I had Mr. Business over at the Vets yesterday , The Vet and I someway got to talking about dog foods and the possibly connections between the grain free and DCM - I asked her take - as she sounded like she had read a lot on the subject + was very knowledgeable on it - Now the interesting part - to me - I told her the way I have read the findings - that they are finding other breeds getting DCM - but have not read anything that there has been a increase in DCM in Dobermans from feeding grain free food - her answer - that's the way she reads it to .

We also got into a good discussion on all the new " designer " foods - Disclaimer here - I'm not selling any produces or food here - But that lead us back to us and what we feed our first Dobermans back in the early 80's - What foods where there back then ? Foods like Purina lead the list . They do feeding trails verse's the designers just using data that this is what it will do - lets face it here - they can plug in any numbers you want to factor in -- this or that about how good there foods are - I will be honest here - I feel into there marketing plan - For me ? I'm in the progress of switching back to Purina for Mr. B . We had feed this food to Dobermans that lived to be close to 15 years old and one that's 11 and 6 months + the others that made it double digits . Why did I switch now ? Beats me - Just great marketing on the part of the new companies I guess . Look at the money being spent on our babies ? Billions a year ! Why ? To give them best of the best -- But are we really doing that ?

I may be totally wrong in my thinking here - but you asked -- And I replied - lol

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post #8 of 36 (permalink) Old 05-04-2019, 09:12 AM Thread Starter
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Welcome Pud ! Well you asked a good question here -we have discussed this food deal on here before and to honestly answer your question - I don't think that anyone can give you a real answer to it - There is so many thoughts and ideas on food .



I had Mr. Business over at the Vets yesterday , The Vet and I someway got to talking about dog foods and the possibly connections between the grain free and DCM - I asked her take - as she sounded like she had read a lot on the subject + was very knowledgeable on it - Now the interesting part - to me - I told her the way I have read the findings - that they are finding other breeds getting DCM - but have not read anything that there has been a increase in DCM in Dobermans from feeding grain free food - her answer - that's the way she reads it to .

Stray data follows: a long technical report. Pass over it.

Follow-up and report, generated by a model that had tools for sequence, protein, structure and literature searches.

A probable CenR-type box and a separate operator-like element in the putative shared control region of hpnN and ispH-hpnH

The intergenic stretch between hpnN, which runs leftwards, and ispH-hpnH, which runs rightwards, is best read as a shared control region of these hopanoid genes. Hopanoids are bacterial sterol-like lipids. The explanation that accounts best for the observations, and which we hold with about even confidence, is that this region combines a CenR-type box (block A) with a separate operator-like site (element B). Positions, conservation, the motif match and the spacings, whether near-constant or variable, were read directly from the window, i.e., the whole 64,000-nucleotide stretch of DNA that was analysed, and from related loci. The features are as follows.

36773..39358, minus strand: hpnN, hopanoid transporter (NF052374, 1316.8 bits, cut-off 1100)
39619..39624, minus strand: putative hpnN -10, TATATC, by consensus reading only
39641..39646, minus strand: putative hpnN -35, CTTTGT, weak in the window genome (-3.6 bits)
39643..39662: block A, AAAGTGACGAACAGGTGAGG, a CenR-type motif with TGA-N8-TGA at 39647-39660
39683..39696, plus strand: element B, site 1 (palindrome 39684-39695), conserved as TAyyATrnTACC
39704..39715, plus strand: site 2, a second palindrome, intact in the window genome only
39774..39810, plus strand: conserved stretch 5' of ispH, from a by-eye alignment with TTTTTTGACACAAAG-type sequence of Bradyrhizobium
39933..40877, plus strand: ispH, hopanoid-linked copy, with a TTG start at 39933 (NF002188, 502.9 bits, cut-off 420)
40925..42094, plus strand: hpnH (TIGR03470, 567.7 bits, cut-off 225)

We also got into a good discussion on all the new " designer " foods - Disclaimer here - I'm not selling any produces or food here - But that lead us back to us and what we feed our first Dobermans back in the early 80's - What foods where there back then ? Foods like Purina lead the list . They do feeding trails verse's the designers just using data that this is what it will do - lets face it here - they can plug in any numbers you want to factor in -- this or that about how good there foods are - I will be honest here - I feel into there marketing plan - For me ? I'm in the progress of switching back to Purina for Mr. B . We had feed this food to Dobermans that lived to be close to 15 years old and one that's 11 and 6 months + the others that made it double digits . Why did I switch now ? Beats me - Just great marketing on the part of the new companies I guess . Look at the money being spent on our babies ? Billions a year ! Why ? To give them best of the best -- But are we really doing that ?



I may be totally wrong in my thinking here - but you asked -- And I replied - lol



Doc
Thank you so much for your input!

I'm in the same boat as you, honestly. My family has fed my dogs Iams for my entire life until the past year or so. My dog's have all lived to be in their double digits as well, one making it to 16. (She was small though)

Based on your opinion, and the opinions of everyone in the thread I was linked, I'm going to switch back to Iams. It served me well for a long time.

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post #9 of 36 (permalink) Old 05-04-2019, 09:28 AM